We don’t forgive other people because they deserve it, but because God our Father demands it. Jesus paid a debt He didn’t owe because we owed a debt we couldn’t pay. Now we owe Christ an overwhelming debt of love and He says, “If you love me, keep my commands.”6 Forgiving others is one of Jesus’ commandments.

We sing: Praise, my soul, the King of Heaven, To His feet your tribute bring; Ransomed, healed, restored, forgiven, Who like me, His praise should sing?…Praise the everlasting King.7

6. God the Father Cast Our Sins Behind His Back for Jesus’ Sake.

Scripture: Isaiah 38:17  Surely it was for my benefit that I suffered such anguish. In your love you kept me from the pit of destruction; you have put all my sins behind your back.

The phrase “behind your back” is found elsewhere in the Old Testament. The Lord accused Israel of rejecting Him, rebelling against Him, failing to love and respect Him, failing to trust and obey Him. They threw the Lord behind their backs, like people do with trash or other things they want to discard. The Lord loved them as His cherished bride, but Israel ran after false gods and idols, rejecting the Lord, and grieving God’s heart. So the Lord calls them to repent or face dire consequences.8 God notices when we turn our back on Him.

King Hezekiah realized that his sin caused his physical suffering and that he deserved to die. So he turned away from his wrong and came back to God and said, “In your love you kept me from the pit of destruction; you have put all my sins behind your back.” Hezekiah announced that the Lord wonderfully, amazingly, graciously forgives whosoever returns to Him. Christ says through James, “Submit yourselves to God….Come near to God and He will come near to you. Wash your hands, you sinners, and purify your hearts, you double-minded. Grieve, mourn and wail. Change your laughter to mourning and your joy to gloom. Humble yourselves before the Lord, and He will lift you up.”9

When we return to the Lord, He gives us peace in place of bitterness! He rescues, preserves, and restores our life from doom in the deep pit. And He does something with our sins. He purposely casts them behind His back, throwing them over His shoulder, choosing not look at our sins. He no longer regards us as guilty of them and God will not bring them up against us again. What a Savior!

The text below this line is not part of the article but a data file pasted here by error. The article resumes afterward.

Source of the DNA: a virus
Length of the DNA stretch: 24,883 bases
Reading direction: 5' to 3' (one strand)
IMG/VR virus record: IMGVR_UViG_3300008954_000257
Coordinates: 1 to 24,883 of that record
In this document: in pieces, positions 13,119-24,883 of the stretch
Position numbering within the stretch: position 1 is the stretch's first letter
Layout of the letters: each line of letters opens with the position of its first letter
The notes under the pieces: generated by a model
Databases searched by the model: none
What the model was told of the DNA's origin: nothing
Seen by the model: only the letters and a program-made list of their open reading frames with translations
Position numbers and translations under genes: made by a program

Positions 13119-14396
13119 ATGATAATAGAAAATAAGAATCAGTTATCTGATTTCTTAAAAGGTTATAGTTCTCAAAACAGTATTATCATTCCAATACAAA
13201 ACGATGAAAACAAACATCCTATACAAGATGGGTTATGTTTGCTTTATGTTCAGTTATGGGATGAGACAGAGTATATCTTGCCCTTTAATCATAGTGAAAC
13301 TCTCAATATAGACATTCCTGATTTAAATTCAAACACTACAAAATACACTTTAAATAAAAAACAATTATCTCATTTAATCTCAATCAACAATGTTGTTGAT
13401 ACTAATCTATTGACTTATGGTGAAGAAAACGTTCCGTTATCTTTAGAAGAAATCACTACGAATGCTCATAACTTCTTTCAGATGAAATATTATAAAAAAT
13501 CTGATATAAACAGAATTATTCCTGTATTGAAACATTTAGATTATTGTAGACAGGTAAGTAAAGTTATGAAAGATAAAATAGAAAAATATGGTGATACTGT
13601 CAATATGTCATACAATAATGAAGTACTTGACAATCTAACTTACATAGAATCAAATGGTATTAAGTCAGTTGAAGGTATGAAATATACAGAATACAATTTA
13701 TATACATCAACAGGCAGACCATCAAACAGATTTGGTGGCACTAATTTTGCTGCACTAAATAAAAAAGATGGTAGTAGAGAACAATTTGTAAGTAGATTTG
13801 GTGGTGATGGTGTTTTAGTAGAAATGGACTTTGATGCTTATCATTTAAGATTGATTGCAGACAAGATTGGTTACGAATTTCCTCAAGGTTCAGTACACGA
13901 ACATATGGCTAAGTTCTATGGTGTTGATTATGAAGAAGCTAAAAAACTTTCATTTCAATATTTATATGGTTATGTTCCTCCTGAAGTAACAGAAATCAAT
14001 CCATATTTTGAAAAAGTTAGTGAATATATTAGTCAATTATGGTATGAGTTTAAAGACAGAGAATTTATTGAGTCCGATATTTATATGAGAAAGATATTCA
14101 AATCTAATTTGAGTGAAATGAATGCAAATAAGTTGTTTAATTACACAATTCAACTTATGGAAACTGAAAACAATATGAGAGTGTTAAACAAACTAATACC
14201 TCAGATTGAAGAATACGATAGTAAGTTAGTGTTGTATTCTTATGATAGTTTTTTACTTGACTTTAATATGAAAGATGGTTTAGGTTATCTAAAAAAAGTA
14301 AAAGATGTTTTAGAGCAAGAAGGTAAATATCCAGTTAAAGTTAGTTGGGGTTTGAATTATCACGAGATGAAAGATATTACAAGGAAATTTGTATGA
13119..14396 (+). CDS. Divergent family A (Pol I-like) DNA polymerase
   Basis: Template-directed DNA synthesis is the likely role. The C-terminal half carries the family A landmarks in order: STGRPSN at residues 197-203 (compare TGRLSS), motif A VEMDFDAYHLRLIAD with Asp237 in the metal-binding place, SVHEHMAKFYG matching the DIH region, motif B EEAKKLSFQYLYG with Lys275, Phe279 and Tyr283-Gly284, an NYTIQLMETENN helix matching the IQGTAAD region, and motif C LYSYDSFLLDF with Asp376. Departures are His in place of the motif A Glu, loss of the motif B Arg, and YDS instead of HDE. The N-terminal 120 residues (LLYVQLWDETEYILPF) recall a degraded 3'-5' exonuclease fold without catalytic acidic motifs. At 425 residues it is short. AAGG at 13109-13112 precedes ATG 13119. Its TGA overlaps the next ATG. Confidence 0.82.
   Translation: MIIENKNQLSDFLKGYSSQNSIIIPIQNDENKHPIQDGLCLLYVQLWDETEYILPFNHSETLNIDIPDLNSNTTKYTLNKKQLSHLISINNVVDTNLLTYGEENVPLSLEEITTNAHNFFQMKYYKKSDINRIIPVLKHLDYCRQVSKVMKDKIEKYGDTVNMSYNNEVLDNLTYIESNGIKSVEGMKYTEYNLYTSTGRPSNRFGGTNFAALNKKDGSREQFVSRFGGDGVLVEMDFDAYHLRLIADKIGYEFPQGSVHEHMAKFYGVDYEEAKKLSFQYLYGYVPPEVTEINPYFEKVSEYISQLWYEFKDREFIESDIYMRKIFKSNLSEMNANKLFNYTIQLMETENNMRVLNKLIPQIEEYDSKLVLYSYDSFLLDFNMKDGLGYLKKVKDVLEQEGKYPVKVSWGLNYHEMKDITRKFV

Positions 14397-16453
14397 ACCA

Barabbas was the convicted criminal on death row who was released to please the crowd, instead of Pilate releasing innocent Jesus. Barabbas must have been thinking, “That man took my place. I am the one who should have died. I am the condemned murderer. Christ did nothing wrong. He is dying for me.” Donald Gray Barnhouse says that Barabbas was the only man in the world who could say that Jesus took his physical place. But all Christians can say that Christ took our spiritual place. All of us are sinners who deserve to die. We all deserve the eternal punishment of the lake of fire. But Jesus was delivered up for our offenses. He was crucified for our sins. Christ made substitutionary atonement, achieving “at-one-ment”, bringing His followers into harmony with God, reconciled to God. Barnhouse concludes, “Christianity can be expressed in three phrases: I deserved Hell; Jesus took my Hell; there is nothing left for me but His grace, His mercy, His peace, and His Heaven.”10

Jesus died for all kinds of people, that those who live might no longer live for themselves but for Him who for our sake died and was raised again.11

We sing: You came from heaven to earth, to show the way. From the earth to the cross, my debt to pay. From the cross to the grave, from the grave to the sky. Lord, I lift your name on high!12

Notes: 1 1 John 2:2; 4:10.     2 James 5:16; Luke 19:8.     3 Adapted from Psalms of My Life.     4 Luke 23:34.    5 Luke 11:4.     6 Rom 13:8; John 14:15.     7 from the hymn by Henry F. Lyte (1793–1847).    8 1 Kings 14:9; Neh 9:26; Jer 2:27; 32:33; Ezek 23:35.     9 James 4:7-10.     10 Adapted from James M. Boice on Romans.     11 2 Cor 5:15.     12 From the hymn by Rick Doyle Founds (1997).